John 4:1-42


The Samaritan woman from John 4 gives us a basis for what it looks like to navigate racial, ethnic and cultural differences. In protest to a racial norm, Jesus Christ – while maintaining his own racial history and heritage – obeyed the will of God by traveling to Samaria to offer help to a woman in spiritual need. Jesus offered spiritual guidance and simultaneously dealt with an illegitimate representation of God that was held by both the Jews and Samaritans.

God has not left us uninformed or ill-equipped about what He says regarding race, ethnicity and culture. Historically and culturally, it was unacceptable for Jews to pass through Samaria because of racial differences. Jesus protested this commonly held belief by traveling from Judea to Galilee through Samaria rather than going around it. By doing so, we see Jesus is more committed to God’s will than the will of His own racial identity. In addition to the challenge of cultural views, Jesus had another reason to go through Samaria: He was to meet a woman at a well who needed spiritual help. He connected with her on common ground at Jacob’s Well – a place recognized by both cultures as a significant historical monument. In contrast, our spiritual enemy, Satan, wants to cause division and strife by highlighting how we differ. Jesus is calling believers to seek opportunities for unity (common ground) as a starting point for bringing God’s viewpoint and purpose forth in society. If you are a serious follower of Jesus Christ, your faith must always win.

The Samaritan woman was surprised to meet Jesus and immediately called out the fact that Jesus was willing to talk to her. Not only that, but He was also willing to put His Jewish lips on her Samaritan cup. Jesus did not give up His own racial history or heritage to relate to someone different than Himself. He also did not let His racial history or heritage get in the way of His Father’s will. As a result, Jesus was able to disarm the woman by showing humanity in a way that a typical Jewish man would not. Believers cannot attempt to talk to the souls of people while skipping their humanity. At the same time, we cannot hold humanity above our commitment to God and His purposes. To do so is to make humanity (race, ethnicity or culture) an idol, which is a sin against God.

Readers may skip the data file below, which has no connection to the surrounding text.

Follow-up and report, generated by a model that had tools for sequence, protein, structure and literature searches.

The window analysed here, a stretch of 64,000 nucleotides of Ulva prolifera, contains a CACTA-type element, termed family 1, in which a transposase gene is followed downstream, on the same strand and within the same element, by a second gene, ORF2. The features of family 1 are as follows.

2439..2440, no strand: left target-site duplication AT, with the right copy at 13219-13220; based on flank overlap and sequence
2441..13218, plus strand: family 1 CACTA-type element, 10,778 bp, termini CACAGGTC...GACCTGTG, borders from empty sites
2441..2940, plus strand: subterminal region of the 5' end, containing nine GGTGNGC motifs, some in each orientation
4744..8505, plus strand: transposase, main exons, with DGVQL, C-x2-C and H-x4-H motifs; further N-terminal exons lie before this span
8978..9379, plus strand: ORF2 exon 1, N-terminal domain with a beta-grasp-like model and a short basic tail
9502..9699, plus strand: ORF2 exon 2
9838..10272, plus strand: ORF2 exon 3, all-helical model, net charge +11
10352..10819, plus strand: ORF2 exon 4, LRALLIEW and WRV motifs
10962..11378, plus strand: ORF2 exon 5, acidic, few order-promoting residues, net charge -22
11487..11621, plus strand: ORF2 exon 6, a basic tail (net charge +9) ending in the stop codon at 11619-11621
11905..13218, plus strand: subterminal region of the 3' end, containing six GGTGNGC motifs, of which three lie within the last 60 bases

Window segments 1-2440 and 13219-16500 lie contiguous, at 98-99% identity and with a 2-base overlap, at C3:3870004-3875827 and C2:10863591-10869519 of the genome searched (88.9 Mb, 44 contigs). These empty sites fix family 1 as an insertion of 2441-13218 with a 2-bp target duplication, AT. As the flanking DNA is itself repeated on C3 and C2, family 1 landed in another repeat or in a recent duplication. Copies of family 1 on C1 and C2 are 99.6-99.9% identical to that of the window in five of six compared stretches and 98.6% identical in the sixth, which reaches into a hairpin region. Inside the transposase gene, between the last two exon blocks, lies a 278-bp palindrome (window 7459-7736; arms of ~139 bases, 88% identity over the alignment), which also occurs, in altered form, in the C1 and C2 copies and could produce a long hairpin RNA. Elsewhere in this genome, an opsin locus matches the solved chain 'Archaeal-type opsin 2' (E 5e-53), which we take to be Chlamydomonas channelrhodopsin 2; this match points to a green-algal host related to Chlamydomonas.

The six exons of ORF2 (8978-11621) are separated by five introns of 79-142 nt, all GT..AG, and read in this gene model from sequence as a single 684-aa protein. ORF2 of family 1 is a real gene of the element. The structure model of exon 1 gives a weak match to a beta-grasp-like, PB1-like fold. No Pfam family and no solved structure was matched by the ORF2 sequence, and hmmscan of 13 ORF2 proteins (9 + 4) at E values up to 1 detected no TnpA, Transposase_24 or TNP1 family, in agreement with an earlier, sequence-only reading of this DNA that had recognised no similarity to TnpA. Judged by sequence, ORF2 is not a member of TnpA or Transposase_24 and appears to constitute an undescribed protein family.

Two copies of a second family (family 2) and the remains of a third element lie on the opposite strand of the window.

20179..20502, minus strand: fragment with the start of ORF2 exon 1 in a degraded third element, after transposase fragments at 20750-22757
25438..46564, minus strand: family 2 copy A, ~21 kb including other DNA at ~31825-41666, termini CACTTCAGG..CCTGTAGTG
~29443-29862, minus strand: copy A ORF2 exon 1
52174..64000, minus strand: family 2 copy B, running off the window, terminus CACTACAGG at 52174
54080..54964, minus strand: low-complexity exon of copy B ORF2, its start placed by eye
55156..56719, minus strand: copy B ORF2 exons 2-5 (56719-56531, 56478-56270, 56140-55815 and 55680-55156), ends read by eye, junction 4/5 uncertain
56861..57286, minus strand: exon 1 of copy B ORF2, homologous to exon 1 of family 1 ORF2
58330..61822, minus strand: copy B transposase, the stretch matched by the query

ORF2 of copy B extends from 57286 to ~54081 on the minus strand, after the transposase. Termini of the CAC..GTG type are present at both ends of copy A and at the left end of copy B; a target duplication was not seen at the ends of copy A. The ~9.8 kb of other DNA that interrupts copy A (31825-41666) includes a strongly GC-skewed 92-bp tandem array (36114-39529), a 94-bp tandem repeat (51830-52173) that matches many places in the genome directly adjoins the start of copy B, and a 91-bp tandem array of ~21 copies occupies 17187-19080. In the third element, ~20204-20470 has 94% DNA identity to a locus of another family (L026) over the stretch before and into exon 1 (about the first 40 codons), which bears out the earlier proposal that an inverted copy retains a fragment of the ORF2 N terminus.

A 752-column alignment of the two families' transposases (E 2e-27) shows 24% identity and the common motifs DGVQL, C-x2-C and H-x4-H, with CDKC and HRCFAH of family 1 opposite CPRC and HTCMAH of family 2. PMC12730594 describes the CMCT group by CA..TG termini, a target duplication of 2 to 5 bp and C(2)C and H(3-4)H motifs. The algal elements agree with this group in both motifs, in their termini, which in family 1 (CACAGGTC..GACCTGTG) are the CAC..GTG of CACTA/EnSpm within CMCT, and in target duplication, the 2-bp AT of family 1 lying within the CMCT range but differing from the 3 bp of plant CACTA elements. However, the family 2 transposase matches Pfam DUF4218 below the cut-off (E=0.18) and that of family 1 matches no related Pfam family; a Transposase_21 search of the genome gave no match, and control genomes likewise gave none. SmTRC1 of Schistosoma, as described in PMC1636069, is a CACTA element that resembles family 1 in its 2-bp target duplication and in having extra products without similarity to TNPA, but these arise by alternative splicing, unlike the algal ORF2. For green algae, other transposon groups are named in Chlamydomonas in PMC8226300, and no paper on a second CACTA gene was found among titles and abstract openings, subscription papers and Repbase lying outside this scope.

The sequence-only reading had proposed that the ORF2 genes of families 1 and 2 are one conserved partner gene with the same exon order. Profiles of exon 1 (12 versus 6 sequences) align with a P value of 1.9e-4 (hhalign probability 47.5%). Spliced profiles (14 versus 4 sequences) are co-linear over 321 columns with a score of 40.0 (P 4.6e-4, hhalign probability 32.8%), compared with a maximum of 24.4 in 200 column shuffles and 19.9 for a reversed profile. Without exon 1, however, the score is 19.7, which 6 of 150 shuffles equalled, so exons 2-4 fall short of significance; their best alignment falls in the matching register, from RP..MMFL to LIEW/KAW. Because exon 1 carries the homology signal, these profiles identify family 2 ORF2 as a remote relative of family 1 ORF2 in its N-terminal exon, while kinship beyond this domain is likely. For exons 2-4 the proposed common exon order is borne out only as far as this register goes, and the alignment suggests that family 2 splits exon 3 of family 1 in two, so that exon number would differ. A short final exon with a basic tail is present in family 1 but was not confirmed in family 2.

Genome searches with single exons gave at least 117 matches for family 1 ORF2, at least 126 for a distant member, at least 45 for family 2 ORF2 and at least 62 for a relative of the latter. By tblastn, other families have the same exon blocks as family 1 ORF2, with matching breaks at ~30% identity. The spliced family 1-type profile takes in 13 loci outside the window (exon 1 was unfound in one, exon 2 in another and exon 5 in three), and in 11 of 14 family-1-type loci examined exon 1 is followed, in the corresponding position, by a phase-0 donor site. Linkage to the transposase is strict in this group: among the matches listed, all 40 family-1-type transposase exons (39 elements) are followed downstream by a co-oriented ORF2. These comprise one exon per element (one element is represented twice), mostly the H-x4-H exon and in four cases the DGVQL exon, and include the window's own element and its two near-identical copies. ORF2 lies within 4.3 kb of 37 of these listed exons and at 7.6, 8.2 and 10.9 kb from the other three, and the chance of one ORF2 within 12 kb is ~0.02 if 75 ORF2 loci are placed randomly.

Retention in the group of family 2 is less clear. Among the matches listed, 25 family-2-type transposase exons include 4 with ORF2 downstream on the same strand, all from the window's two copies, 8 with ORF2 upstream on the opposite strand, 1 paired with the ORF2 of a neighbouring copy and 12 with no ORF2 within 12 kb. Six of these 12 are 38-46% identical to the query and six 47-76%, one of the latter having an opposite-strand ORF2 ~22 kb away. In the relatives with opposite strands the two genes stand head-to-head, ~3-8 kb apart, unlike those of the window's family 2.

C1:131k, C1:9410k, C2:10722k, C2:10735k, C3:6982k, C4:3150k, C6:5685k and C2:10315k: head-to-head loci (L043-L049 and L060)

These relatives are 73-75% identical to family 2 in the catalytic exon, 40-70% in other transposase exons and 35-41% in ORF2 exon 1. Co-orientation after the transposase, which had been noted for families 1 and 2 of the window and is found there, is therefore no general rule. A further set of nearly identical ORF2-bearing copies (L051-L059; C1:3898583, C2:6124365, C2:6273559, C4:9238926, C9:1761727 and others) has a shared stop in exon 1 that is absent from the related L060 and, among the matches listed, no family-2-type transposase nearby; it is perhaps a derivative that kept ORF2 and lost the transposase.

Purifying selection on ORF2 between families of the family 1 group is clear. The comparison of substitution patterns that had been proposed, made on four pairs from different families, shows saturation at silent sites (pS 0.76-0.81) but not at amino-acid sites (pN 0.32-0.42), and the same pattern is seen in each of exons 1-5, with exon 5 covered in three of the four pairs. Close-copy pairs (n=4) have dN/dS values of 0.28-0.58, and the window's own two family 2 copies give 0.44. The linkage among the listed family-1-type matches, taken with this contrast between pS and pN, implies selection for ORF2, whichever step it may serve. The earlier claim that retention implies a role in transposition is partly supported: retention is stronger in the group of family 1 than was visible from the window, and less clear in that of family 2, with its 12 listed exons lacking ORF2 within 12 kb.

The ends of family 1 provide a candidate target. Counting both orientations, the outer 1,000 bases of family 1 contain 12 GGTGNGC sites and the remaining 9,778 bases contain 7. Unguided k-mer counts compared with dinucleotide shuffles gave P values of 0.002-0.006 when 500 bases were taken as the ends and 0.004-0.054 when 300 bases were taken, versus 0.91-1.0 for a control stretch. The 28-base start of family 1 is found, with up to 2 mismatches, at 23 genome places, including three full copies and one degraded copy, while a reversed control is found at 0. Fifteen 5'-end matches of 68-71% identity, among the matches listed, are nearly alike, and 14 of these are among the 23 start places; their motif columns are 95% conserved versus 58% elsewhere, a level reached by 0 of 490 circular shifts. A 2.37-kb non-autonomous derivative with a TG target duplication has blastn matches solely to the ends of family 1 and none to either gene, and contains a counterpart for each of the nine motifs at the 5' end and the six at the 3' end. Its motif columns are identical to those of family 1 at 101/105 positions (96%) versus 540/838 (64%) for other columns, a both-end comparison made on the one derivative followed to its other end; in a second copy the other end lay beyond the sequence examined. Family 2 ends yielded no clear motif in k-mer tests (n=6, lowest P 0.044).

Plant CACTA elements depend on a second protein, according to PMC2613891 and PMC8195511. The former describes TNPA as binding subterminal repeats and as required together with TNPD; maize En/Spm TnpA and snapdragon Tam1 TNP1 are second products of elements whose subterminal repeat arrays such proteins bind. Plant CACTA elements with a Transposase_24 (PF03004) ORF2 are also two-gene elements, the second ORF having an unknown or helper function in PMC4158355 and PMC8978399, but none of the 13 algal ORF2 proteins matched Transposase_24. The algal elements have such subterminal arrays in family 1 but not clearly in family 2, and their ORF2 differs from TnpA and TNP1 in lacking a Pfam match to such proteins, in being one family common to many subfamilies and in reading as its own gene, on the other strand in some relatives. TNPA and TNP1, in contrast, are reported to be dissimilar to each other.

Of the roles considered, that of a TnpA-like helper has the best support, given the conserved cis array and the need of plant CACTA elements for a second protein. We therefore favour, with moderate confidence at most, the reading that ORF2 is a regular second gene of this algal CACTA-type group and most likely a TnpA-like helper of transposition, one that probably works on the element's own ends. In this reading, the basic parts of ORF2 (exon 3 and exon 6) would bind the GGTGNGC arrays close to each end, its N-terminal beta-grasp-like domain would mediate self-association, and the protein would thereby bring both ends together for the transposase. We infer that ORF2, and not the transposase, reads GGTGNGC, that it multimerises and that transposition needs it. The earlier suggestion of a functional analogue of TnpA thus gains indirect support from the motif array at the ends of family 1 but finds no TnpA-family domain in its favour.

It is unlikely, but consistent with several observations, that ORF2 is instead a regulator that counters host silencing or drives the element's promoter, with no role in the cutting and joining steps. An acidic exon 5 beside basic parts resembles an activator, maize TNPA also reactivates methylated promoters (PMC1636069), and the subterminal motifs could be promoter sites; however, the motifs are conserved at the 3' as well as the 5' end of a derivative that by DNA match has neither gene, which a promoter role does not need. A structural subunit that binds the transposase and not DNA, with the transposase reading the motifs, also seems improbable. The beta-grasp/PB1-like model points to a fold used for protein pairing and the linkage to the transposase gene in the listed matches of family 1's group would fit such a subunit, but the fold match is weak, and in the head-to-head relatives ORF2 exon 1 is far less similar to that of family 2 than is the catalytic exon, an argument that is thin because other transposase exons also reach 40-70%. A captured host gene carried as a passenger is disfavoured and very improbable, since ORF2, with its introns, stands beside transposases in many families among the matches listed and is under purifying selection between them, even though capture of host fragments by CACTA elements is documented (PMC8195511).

Jesus masterfully took the social and turned it into the spiritual. His willingness to drink from the Samaritan woman’s physical cup provided a transition for His desire to offer her living water (vv. 10-14) from His spiritual cup. During their conversation, she revealed her understanding of God based on her background and historical context. Jesus corrected her illegitimate view of God because He understood the importance of having a correct view of God. To worship God, we must worship Him in truth and in a biblically accurate way.

The current cultural climate might suggest that some people who love God can waiver in their commitment to Him when racial challenges reveal differences in philosophy. Jesus shows us the opposite. Jesus’ encounter with the woman at the well gives us the model for dealing with tough issues – love people and remain obedient to God.

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Getting Started

  1. How do worldly conversations about race and culture compare and contrast to the same conversion inside of the church?
  2. Are Christians prepared to have the difficult conversations needed in current times? Based on this week’s message, what is one takeaway you think the church needs to understand in order to have productive conversations across cultural dividing lines?

Let’s Get Personal

  1. Reflect on this point from the notes, “our spiritual enemy, Satan, wants to cause division and strife by highlighting how we differ. Jesus is calling believers to seek opportunities for unity . . . .” Are you personally more focused on differences or common ground? Share an example from your life that illustrates your answer.
  2. What does obedience to God look like for you based on this week’s message?
  3. People who love God cannot talk to people’s souls without caring about their humanity. As you engage with people, are you balanced in your approach? Are you so heavenly-minded, but not much earthly good? Do you address issues with people, but often not deal with the most important thing—the salvation and sanctification of souls? Or instead, do you address humanity seeking to meet needs?

Take the Next Step

  1. Have you wavered in your commitment to God during the global troubles of the last few months? What has been the most shaking for you? What questions have arisen in your head or heart as a result? Did this week’s sermon help strengthen your faith? Why or why not?
  2. Have you been able to unwaveringly stand in your faith despite the tumultuous times we are living in? What has enabled you to do so? What encouragement can you share with another person in your group that might help strengthen them?
  3. Take a moment to pray for each other in your group. Ask God to strengthen your faith in Him and to guide you as you seek to honor Him with your obedience.
  4. Want to go deeper? Take a look at the following passages: Romans 3:4; Exodus 21:16; Revelation 5:9; 7:9; Galatians 2:11, 20.

Renew Your Mind

“God is spirit, and those who worship Him must worship in spirit and truth.”
John 4:24